Please recommend some cookbooks (or websites, YT etc)

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Triggaaar

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So I've got some really nice knives.
I've bought some nice fresh food and cut it up into tiny pieces.

Now what do I do?


My current level of cooking talent:
I can take some meat and veg and make it hot and guests can eat it without grimacing or getting food poisoning. Perhaps I could make a couple of things that average people would describe as nice. That's about it.

Cookbook style:
Photos are good - given my low talent level
Basic - I'm not looking to prepare something fancy for Masterchef, I just want it to taste nice. Ideally the meals won't take too long to make, although I don't mind if they're in the oven for some time, or need to be prepared in advance and marinated.
Main meal - I'm not wanting to do starters or deserts, just main meals.
No seafood - DW doesn't like seafood, so I have it at restaurants and don't want to learn to cook it.

Asian - my experience of Asian food is that it tends to have lots of flavour, which is great, so Asian food that appeals to westerners is good. Fast stir frying is also good. I saw the recommendation for 'Every grain of rice' from Fuscia Dunlop, I may give that a go.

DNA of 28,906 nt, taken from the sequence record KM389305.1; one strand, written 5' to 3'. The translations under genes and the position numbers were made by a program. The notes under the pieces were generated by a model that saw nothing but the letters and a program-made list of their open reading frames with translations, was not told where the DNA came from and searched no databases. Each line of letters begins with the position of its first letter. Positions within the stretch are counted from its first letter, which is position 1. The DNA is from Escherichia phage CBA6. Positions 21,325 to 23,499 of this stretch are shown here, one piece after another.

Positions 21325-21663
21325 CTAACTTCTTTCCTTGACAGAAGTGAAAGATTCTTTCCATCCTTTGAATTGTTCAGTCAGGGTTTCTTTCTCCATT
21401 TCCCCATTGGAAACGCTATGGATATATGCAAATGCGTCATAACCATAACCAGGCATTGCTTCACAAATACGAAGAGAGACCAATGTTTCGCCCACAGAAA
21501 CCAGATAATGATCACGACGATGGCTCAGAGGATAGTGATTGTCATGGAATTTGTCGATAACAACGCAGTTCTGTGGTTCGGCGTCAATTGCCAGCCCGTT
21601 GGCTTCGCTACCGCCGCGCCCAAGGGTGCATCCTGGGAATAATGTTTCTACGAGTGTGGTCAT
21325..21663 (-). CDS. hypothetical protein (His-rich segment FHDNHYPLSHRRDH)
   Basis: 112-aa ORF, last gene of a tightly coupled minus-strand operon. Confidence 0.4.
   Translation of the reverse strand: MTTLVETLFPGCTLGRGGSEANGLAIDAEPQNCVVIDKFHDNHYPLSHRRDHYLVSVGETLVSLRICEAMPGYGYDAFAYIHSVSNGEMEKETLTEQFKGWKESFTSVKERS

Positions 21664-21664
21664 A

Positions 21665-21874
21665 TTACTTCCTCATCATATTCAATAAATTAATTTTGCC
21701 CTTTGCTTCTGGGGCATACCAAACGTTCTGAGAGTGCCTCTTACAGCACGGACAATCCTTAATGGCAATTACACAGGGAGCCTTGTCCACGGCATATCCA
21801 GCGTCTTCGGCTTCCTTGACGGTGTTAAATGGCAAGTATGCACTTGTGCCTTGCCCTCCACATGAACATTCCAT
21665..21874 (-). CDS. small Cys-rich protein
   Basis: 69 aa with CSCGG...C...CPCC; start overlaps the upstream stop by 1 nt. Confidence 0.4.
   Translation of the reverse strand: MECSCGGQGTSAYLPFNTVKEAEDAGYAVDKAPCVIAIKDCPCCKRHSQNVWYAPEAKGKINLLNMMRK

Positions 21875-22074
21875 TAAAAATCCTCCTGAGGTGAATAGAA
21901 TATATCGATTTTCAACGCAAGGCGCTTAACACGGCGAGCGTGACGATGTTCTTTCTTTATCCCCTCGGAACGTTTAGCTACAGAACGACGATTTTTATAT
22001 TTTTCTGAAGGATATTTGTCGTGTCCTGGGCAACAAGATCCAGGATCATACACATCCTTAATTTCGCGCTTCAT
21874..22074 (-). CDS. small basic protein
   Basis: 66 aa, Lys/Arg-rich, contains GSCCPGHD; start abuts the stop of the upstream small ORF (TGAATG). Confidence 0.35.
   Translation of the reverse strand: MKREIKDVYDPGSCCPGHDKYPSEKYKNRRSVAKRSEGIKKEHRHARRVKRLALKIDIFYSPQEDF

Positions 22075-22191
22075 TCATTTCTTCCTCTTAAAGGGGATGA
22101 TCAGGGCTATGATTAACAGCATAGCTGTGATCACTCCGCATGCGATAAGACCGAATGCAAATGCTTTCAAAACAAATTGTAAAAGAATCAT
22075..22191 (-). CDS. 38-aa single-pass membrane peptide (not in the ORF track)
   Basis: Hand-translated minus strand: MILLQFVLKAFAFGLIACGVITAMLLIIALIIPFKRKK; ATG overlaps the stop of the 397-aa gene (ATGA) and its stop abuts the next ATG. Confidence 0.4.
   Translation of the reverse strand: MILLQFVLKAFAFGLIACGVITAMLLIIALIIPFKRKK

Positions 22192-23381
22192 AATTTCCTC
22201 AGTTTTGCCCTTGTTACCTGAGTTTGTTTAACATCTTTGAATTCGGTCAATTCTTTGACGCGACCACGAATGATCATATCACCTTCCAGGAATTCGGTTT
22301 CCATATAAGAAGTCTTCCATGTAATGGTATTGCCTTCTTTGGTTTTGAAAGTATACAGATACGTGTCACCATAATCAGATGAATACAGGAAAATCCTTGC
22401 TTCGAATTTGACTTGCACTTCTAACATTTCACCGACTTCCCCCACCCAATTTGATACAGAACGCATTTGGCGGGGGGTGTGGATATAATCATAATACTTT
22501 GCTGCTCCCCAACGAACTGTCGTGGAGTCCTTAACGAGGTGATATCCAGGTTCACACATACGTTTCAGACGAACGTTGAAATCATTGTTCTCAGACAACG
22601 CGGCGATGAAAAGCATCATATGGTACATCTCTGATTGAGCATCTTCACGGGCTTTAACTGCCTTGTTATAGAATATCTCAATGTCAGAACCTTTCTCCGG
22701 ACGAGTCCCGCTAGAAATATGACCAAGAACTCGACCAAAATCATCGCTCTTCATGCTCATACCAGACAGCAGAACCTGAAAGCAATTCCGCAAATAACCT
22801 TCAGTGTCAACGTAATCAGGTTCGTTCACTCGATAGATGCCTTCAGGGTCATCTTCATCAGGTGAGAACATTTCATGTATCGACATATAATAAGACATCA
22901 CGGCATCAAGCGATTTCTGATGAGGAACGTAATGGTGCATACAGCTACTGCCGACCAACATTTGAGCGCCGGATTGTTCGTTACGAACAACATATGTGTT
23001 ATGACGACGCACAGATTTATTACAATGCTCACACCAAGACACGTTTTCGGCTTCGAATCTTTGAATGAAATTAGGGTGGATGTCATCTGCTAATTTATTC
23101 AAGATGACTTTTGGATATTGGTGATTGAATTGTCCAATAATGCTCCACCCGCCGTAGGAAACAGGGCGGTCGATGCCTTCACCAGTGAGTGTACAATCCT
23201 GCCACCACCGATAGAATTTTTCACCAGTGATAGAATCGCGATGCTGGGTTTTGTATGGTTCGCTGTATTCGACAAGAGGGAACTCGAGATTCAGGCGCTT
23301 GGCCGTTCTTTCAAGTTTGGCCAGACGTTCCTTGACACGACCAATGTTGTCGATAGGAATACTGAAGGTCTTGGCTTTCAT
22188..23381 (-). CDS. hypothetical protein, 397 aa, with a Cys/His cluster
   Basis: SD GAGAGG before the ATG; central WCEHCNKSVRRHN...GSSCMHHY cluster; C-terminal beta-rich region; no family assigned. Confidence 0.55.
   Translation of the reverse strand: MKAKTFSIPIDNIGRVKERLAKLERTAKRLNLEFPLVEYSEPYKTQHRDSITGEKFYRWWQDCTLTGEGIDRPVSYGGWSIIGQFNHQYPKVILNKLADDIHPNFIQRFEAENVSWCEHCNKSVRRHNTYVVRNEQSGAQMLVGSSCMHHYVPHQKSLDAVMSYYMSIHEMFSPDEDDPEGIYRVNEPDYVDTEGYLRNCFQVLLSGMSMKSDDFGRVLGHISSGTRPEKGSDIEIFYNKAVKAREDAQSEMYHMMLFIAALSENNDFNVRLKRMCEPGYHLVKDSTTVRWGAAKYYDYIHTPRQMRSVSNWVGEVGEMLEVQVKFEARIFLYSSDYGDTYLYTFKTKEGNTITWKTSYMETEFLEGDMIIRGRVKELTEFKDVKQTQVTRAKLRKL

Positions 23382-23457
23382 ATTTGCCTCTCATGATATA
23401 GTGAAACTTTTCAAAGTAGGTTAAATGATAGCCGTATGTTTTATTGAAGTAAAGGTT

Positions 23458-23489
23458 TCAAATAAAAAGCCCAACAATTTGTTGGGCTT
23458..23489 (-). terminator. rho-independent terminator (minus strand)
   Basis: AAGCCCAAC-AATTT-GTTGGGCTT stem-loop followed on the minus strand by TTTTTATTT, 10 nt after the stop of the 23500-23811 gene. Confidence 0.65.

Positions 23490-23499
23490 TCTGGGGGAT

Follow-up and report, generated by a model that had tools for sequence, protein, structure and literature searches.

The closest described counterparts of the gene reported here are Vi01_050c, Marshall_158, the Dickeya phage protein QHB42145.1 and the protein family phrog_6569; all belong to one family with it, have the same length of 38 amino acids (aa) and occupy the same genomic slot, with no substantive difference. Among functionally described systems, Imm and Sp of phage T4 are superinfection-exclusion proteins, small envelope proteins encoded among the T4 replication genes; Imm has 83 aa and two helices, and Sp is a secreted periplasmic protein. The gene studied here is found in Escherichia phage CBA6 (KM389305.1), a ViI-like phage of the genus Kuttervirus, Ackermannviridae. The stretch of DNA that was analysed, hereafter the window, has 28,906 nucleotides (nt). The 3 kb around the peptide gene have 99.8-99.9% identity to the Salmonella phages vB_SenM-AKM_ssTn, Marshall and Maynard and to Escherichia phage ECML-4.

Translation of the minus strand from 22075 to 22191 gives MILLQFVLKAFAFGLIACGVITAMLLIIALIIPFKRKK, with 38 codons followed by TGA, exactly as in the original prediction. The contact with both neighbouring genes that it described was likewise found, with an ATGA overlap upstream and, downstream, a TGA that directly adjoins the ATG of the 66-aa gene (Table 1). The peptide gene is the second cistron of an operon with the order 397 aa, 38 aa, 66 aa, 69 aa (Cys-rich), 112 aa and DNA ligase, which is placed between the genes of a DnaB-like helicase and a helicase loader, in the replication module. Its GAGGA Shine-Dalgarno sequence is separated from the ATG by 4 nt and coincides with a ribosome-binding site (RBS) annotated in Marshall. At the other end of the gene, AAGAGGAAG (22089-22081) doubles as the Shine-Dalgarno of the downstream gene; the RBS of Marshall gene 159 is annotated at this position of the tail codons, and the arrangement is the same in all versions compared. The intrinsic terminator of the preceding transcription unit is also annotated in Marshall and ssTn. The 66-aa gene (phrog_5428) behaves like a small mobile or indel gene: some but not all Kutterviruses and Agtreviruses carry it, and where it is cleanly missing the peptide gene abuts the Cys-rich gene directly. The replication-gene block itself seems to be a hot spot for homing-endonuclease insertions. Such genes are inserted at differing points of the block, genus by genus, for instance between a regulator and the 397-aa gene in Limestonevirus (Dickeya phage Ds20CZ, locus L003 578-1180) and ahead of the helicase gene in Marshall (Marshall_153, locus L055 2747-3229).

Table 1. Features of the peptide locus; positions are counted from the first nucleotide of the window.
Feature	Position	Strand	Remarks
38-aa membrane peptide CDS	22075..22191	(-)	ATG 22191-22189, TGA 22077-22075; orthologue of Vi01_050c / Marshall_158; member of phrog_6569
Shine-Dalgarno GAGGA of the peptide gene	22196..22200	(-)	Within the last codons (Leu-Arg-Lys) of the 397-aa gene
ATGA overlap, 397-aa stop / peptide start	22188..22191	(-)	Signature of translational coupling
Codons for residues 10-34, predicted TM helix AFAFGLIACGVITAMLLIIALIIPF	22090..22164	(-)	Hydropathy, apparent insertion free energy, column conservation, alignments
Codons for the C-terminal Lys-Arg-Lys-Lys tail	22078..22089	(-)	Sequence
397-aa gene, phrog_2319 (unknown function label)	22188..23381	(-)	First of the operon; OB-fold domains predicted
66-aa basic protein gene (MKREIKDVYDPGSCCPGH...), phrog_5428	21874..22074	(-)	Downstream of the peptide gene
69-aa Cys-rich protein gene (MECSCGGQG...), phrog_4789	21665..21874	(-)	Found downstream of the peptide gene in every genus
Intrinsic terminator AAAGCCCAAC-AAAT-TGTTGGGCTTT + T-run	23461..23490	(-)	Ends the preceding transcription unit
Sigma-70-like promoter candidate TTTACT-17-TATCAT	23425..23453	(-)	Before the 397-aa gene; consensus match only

Any other styles of full flavour food would be welcome - maybe Cajun, Caribbean, Mexican?

Italian - always a winner, learning to do it better would be good.


Thank you :)
 

daveb

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I like eGullet and spend some time browsing there. https://forums.egullet.org/ A lot of genuine, nice folks who are to food what we crazies are to knives. I like the way different cookbooks are discussed and people relate their experiences with recipes. And a lot of discussion is about technique - which for the most part is a lost pursuit. It's only in the knife discussions that they go a bit off the rails.....:cool2:
 

DamageInc